72° Good Afternoon
72° Good Afternoon

Knicks rout Nets; a farewell to Lee, Nate?

It couldn't end soon enough for the Knicks, this season that was mainly for demolition purposes and bridged the end of one era to the beginning of another. It was fitting that before last night's season finale, a 102-73 victory over the Nets at the Garden, that the architect of the previous failed era, Isiah Thomas, was somewhere else, wearing another logo and far, far away from the Knicks.

And there was Donnie Walsh, sitting in his usual pregame seat a few rows up from the court, talking about the job at hand now that he's almost done cleaning up the mess Thomas left behind.

"Listen, I've got a lot of work to do and I've said that from Day One," Walsh said. "This is a tough job because there is a lot to do."

Along with beginning the actual rebuilding phase by exploring what blockbuster trades the Knicks may be able to get involved in this summer - Chris Bosh's future with the Raptors is one area of attention - Walsh also will have to deal with two very talented, and not to mention popular, restricted free agents in David Lee and Nate Robinson.

One, if not both, could have played his final game as a Knick last night.

"It's a realistic thought to have," Lee said before the game. "I think I'll be back here next year, I think I'll be a Knick. I want to be here."

Robinson, whose bigger-than-life KryptoNate persona leaps across a billboard just outside the Garden, also said he hopes to remain in orange-and-blue (and, occasionally, green).

"This is what I know, this is all I know, the Knicks," Robinson said last week. "Hopefully I'll continue to be a Knick and won't have to move my family elsewhere."

Lee had 12 rebounds last night and both he and Robinson finished with a dozen points. Wilson Chandler led the Knicks with 16. The Knicks led 52-40 at the half in this blowout win over a Nets team that was missing Devin Harris and Vince Carter. The Nets were led by Chris Douglas-Roberts with 18 points.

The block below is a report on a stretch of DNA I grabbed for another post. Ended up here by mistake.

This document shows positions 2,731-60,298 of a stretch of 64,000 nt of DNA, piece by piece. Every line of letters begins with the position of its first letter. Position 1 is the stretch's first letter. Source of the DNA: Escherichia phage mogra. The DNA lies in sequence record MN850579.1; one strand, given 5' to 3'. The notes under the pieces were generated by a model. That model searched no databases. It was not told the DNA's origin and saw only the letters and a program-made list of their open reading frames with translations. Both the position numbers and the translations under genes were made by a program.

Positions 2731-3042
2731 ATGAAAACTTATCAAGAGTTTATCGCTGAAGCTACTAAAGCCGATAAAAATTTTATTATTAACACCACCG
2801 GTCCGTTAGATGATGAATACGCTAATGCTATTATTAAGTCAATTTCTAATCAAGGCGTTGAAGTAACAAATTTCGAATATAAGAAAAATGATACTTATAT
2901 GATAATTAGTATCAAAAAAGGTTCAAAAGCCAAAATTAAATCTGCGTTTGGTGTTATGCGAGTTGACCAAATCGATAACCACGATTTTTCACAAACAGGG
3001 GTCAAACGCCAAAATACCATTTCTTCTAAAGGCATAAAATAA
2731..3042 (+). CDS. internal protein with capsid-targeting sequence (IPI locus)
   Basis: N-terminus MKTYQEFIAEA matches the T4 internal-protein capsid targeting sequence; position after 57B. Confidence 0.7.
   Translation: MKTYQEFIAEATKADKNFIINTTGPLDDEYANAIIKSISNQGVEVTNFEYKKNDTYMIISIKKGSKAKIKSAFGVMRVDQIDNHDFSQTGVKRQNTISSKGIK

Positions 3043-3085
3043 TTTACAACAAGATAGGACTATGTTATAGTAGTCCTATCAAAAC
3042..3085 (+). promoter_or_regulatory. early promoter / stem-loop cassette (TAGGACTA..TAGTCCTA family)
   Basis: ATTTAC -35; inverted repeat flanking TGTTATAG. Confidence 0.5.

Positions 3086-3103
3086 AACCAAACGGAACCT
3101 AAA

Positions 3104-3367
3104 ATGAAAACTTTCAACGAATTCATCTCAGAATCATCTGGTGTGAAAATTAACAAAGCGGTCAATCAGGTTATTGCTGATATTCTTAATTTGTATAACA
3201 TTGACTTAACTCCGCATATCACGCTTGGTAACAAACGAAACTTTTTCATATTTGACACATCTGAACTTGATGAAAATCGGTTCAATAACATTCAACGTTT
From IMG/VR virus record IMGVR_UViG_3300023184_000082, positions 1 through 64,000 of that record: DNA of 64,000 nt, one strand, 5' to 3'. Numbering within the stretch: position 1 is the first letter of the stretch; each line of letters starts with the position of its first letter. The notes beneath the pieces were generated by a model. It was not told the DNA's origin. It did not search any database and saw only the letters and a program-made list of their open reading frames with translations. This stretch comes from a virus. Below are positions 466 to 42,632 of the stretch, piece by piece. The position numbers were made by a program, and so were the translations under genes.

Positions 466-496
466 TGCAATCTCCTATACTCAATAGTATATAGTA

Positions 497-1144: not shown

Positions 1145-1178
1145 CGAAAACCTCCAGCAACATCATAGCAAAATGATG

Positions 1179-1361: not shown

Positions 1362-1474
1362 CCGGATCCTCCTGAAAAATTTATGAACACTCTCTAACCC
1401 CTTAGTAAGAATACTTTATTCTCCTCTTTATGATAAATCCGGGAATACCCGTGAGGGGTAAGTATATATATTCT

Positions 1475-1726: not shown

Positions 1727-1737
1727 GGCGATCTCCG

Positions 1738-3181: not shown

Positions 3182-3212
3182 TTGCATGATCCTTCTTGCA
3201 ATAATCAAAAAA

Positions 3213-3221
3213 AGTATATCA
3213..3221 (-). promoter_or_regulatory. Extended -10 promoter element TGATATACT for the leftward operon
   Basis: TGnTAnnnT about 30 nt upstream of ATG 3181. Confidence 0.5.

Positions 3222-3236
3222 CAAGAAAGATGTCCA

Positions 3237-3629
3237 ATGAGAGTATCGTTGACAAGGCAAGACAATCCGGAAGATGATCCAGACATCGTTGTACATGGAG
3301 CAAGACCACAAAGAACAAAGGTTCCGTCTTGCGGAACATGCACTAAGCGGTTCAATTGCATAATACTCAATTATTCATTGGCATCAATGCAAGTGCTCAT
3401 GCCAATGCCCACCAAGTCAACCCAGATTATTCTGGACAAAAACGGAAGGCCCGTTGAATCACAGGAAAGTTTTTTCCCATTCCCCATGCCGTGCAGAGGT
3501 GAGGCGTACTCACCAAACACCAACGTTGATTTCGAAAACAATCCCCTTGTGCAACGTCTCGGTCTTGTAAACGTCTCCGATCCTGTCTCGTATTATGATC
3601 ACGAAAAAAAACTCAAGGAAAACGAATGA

Both Lee and Robinson have had breakout seasons statistically that will only boost their market value. Robinson, who went into last night's game averaging 17.3 points per game, will be a finalist for the Sixth Man award this season. Lee went in leading the league with 63 double-doubles and 16 points and 11.7 rebounds per game.

With a major emphasis on having enough salary cap space in 2010 to make a run at one of the potential superstar free agents such as LeBron James, it might be impossible to lock up both Robinson and Lee to long-term deals. Before the season, Lee, who made $1.7 million this season, was looking for between $8 million to $10 million per year.

There was a great deal of interest in Lee before the trade deadline - the Trail Blazers are one team that has been regularly mentioned - and he could get an offer sheet from one or two of the few teams that have cap space (Portland, Detroit and Memphis). That will put pressure on the Knicks to match or lose him for nothing.

"I know there are other teams in the league that are going to possibly trade for me or get me in free agency and the Knicks will have a decision to make," Lee said. "We'll see what happens."

Lee is considered a valuable asset for a team looking to keep quality young players that would fit well around a star player. There is some anxiousness about what another team might do, but, Mike D'Antoni said, "at the end of the day, we hold the cards."

Regardless, D'Antoni has high expectations for this offseason.

"When we get into August," he said, "we will have a better team."

Notes & quotes: D'Antoni maintains a wait-and-see posture regarding Eddy Curry's readiness for training camp next October, if he should remain a Knick through the offseason. "He sounds great and he sounds like he will, but at the end of the day the proof is in the pudding," D'Antoni said. . . . Robinson was presented with a Rangers jersey with the No. 4 and his name on the back by the Rangers' equipment staff. He and Chandler are planning to attend Game 3 of their first-round series with the Capitals at the Garden.


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